Participatory research with cooperatives, which are people-owned businesses, would seem a natural option. However, there is little discussion evident in this area, with risks of research instead bypassing the perspective of members. This article discusses two dairy farmer cooperatives in rural Kenya. It looks at how, even where research is directed and controlled by others (e.g. funders), it can still be undertaken with cooperatives in a participatory way. This is essential to preserving values and principles linked to member participation and decision-making, as well as of self-help and self-responsibility. Participatory approaches also provide interesting insights into the way cooperatives operate.
In this article Jo Guldi asks 'What is a participatory map and when did it emerge?'. She explores participatory democracy's search for new techniques and traces the history of participation going back to it's birth, through to its rise and fall in the West (1969-1978). She goes on to look at participation in social movements in the Global South in the 1970s, and highlights the rise of the walking tour in development economics. Map driven movements for control over cities and land are explored along with participatory maps online. Crucial elements such as power are considered in the context of mapping, and Jo also describes how collaborative maps became an indigenous tool for the Cree of North America when facing legal contestation of their native land.
This working paper reflects the findings of the first phase of the REJUVENATE project, which set out to understand and map approaches to integrating children, youth, and community participation in child rights initiatives.
In this paper, we:
- present a user-friendly summary of the existing tradition of substantive children’s participation in social change work;
- share case studies across various sectors and regions of the world;
- highlight ongoing challenges and evidence gaps;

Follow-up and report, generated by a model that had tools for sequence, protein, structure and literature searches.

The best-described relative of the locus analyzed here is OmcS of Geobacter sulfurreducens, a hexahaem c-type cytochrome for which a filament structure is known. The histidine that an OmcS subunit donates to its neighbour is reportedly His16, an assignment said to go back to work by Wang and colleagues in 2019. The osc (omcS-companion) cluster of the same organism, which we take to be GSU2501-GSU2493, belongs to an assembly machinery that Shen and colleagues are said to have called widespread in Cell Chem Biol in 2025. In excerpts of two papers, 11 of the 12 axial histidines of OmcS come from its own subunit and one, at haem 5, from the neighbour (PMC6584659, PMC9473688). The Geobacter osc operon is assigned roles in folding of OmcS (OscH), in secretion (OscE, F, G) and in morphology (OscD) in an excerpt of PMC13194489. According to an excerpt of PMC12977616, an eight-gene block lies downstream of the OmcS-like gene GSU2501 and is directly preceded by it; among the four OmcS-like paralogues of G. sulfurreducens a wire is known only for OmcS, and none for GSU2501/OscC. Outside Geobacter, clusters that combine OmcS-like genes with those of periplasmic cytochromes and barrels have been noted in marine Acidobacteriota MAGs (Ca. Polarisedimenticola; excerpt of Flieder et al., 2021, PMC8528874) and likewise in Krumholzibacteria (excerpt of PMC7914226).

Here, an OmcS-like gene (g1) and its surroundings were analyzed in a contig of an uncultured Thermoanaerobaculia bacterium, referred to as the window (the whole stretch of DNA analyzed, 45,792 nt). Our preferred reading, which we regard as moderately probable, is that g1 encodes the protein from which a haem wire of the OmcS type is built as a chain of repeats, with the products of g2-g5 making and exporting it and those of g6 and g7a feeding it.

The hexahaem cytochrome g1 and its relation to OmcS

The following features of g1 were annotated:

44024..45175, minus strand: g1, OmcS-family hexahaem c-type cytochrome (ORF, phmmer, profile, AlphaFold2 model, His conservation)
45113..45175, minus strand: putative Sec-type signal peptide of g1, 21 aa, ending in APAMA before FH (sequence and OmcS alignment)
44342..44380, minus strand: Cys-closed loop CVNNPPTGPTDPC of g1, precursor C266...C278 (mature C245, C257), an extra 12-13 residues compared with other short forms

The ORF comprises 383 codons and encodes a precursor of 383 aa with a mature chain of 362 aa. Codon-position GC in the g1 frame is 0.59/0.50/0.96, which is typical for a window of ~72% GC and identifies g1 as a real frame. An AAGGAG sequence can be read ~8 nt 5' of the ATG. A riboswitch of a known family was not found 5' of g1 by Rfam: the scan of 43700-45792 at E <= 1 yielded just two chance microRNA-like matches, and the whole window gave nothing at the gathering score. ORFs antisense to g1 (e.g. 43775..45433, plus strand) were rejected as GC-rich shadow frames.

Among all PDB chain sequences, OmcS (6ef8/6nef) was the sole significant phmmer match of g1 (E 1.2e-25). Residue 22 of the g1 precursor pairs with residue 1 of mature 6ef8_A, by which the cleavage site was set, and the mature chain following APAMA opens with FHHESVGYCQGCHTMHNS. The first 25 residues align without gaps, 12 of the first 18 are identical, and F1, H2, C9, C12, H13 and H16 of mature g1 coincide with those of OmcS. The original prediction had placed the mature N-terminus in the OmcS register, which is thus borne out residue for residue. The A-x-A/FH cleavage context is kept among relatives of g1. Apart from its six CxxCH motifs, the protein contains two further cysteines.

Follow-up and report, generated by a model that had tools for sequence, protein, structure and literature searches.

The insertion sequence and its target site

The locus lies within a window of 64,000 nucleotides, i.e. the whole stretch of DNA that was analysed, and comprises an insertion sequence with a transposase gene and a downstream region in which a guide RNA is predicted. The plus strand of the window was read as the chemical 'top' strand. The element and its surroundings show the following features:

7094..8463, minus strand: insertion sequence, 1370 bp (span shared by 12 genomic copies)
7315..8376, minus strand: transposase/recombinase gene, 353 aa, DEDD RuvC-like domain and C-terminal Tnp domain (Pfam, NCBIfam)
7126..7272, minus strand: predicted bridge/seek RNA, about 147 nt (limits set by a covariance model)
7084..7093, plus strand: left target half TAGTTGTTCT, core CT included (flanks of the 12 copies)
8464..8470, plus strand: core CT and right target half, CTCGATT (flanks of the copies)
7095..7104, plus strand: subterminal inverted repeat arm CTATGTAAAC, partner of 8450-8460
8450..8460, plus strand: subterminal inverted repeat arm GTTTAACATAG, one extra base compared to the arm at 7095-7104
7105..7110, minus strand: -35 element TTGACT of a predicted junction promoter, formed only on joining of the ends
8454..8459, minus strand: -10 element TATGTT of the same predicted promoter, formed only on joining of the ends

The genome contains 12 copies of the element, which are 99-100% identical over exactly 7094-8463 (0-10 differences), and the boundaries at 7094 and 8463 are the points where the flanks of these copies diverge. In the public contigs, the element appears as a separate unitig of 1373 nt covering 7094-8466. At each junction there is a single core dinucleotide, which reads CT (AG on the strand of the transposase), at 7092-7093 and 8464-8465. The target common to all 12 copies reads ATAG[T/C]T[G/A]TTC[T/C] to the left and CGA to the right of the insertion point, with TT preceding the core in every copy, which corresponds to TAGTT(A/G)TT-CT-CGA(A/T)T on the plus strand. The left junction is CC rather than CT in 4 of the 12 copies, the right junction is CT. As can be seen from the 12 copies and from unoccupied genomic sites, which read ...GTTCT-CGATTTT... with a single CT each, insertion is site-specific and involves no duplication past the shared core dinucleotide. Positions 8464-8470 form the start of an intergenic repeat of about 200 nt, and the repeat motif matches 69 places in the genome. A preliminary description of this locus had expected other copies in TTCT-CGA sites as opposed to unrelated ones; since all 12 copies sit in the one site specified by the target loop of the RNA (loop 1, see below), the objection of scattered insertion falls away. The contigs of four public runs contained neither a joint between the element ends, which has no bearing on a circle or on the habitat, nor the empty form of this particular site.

- showcase expert opinions on the inclusion of child rights and, in particular, child/youth-led approaches in project-based work.
Grounded in an understanding of child rights as ‘living rights’, we propose building on the 3Ps of the UNCRC (protection, provision and participation) towards the 3Ss – space, support and system change.
We offer a set of field principles (REJUVENATE) to guide substantively participatory work with children and young people, underpinned by our Ndoro Ndoro model, which refers to intergenerational, community-driven approaches that put children and youth at the centre, while being accountable to them.
We recognise that this paper is far from exhaustive, and we intend it to be a springboard for further work that substantively recognises the importance of children’s participation in work to further child rights, and to enrich and rejuvenate the societies of which children are a part.
A Call To Action: Organizational, Professional, and Personal Change For Gender Transformative WASH Programming
The Sustainable Development Goals (SDGs) and targets aimed at improving access to water, sanitation, and hygiene (WASH) are also an opportunity for the transformation of gender norms. To facilitate this transformation, this paper makes a call to action for global and national efforts for organi-zational, professional, and personal change.
Several NGOs are leading a process towards a more reflective and transformative approach. This paper presents a number of examples – from headquarters, and others from country offices and research institutes – of the changes under way to support a stronger connection between the ‘outer faces’ of WASH professionals in the sector and the individual, personal inner spaces. The paper concludes with a set of recommendations for personal and organizational change.